One of philanthropy’s great ironies is that very little can be accomplished by individuals acting on their own, even when those individuals are extraordinarily wealthy. The greater your ambitions, the more certain it is that success will require working with and through a broad range of other players, including the nonprofit or nongovernmental organization (NGO) grantees you support; other donors who are passionate about the same issues; governments at home or abroad; and members of the public who you might need to influence in order to effect change. The list of potential collaboration partners is long and varied. Yet far too many donors and foundation leaders try to go it alone, assuming that they (often with little experience!) can achieve success unilaterally. Take the example of one donor, whose vision was to build a Morningstar-like organization to rate charities in the nonprofit sector (Morningstar is a leader in providing financial research to for-profit investors). This donor didn’t take the time to understand the landscape and failed to learn from others who sought to solve the same problem, which led to him dramatically underestimating (and oversimplifying) the challenge. After spending almost $600,000 over three years, the donor called it quits. If he had had the humility and the patience to learn from others, those scarce resources might have gone much farther.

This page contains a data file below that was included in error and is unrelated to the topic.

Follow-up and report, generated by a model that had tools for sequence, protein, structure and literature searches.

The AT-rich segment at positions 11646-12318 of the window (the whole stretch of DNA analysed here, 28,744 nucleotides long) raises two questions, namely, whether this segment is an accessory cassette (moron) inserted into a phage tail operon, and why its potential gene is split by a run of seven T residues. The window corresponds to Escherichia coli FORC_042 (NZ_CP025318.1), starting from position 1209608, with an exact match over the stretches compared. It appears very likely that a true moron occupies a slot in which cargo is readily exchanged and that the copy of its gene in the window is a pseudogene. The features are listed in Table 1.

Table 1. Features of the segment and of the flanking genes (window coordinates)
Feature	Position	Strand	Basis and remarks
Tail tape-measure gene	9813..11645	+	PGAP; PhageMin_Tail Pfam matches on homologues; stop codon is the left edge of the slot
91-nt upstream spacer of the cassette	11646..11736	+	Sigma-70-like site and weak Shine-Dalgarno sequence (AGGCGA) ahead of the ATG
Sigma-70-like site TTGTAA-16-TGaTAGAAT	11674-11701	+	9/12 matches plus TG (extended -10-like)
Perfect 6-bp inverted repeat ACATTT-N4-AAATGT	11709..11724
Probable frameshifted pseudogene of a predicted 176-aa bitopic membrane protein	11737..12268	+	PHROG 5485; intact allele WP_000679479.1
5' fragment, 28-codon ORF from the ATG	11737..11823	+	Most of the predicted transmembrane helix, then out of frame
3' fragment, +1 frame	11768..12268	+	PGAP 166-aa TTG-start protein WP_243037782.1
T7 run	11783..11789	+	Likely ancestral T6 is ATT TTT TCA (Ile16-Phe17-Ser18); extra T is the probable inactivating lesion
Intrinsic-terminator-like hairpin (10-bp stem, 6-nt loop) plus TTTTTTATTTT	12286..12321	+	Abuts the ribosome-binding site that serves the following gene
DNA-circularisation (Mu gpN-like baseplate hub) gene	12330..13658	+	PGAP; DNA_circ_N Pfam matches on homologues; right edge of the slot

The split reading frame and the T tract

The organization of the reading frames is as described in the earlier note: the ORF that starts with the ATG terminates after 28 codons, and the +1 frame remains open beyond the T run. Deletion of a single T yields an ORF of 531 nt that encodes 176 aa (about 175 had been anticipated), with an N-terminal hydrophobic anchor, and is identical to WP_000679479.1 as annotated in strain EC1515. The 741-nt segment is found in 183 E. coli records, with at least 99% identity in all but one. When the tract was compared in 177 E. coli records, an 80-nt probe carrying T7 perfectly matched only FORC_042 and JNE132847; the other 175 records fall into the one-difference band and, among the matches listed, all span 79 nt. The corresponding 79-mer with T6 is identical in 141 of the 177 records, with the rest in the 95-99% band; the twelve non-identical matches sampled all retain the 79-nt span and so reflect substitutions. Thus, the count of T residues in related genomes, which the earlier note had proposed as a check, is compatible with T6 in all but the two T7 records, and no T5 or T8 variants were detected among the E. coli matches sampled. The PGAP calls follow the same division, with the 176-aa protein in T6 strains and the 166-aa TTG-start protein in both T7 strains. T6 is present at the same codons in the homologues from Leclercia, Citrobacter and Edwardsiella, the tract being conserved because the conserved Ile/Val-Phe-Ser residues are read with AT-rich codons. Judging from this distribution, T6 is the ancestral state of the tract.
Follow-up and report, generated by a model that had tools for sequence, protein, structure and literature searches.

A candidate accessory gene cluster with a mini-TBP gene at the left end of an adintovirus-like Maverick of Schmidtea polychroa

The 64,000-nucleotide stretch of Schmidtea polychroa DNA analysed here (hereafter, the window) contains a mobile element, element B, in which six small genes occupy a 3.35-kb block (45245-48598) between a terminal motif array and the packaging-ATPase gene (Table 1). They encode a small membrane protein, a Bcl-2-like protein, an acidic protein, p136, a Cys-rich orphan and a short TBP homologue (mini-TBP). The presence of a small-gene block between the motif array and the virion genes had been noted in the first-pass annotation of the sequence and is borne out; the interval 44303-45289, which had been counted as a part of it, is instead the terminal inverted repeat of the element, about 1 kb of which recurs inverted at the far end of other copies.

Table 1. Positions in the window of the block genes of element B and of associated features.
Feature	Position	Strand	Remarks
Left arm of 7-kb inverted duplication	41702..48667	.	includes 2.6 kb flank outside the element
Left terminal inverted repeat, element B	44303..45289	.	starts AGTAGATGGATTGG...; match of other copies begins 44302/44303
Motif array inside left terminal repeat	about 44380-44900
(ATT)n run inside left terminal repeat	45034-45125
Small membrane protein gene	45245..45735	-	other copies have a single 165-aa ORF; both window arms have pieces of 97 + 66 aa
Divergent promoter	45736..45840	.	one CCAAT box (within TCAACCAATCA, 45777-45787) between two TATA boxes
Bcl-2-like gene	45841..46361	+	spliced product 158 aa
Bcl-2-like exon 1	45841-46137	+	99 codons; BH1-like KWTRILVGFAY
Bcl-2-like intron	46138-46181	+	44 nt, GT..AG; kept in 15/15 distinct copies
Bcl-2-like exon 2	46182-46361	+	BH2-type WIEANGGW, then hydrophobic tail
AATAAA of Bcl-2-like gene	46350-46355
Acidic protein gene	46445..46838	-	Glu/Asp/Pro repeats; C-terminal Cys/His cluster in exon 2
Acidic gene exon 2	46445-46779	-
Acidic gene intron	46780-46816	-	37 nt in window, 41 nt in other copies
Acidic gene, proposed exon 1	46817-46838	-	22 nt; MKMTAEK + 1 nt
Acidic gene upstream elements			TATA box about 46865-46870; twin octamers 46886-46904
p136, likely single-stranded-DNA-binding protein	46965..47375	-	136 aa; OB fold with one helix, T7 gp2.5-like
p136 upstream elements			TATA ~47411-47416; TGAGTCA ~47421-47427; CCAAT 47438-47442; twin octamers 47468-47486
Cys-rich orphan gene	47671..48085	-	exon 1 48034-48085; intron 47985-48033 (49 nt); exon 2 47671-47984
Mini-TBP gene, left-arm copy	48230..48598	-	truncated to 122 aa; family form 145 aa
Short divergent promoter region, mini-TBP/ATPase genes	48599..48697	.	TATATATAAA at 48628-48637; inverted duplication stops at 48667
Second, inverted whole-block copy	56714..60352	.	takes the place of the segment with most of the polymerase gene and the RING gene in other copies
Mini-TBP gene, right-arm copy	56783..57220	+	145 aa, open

Trap # 3: Underestimating and under-investing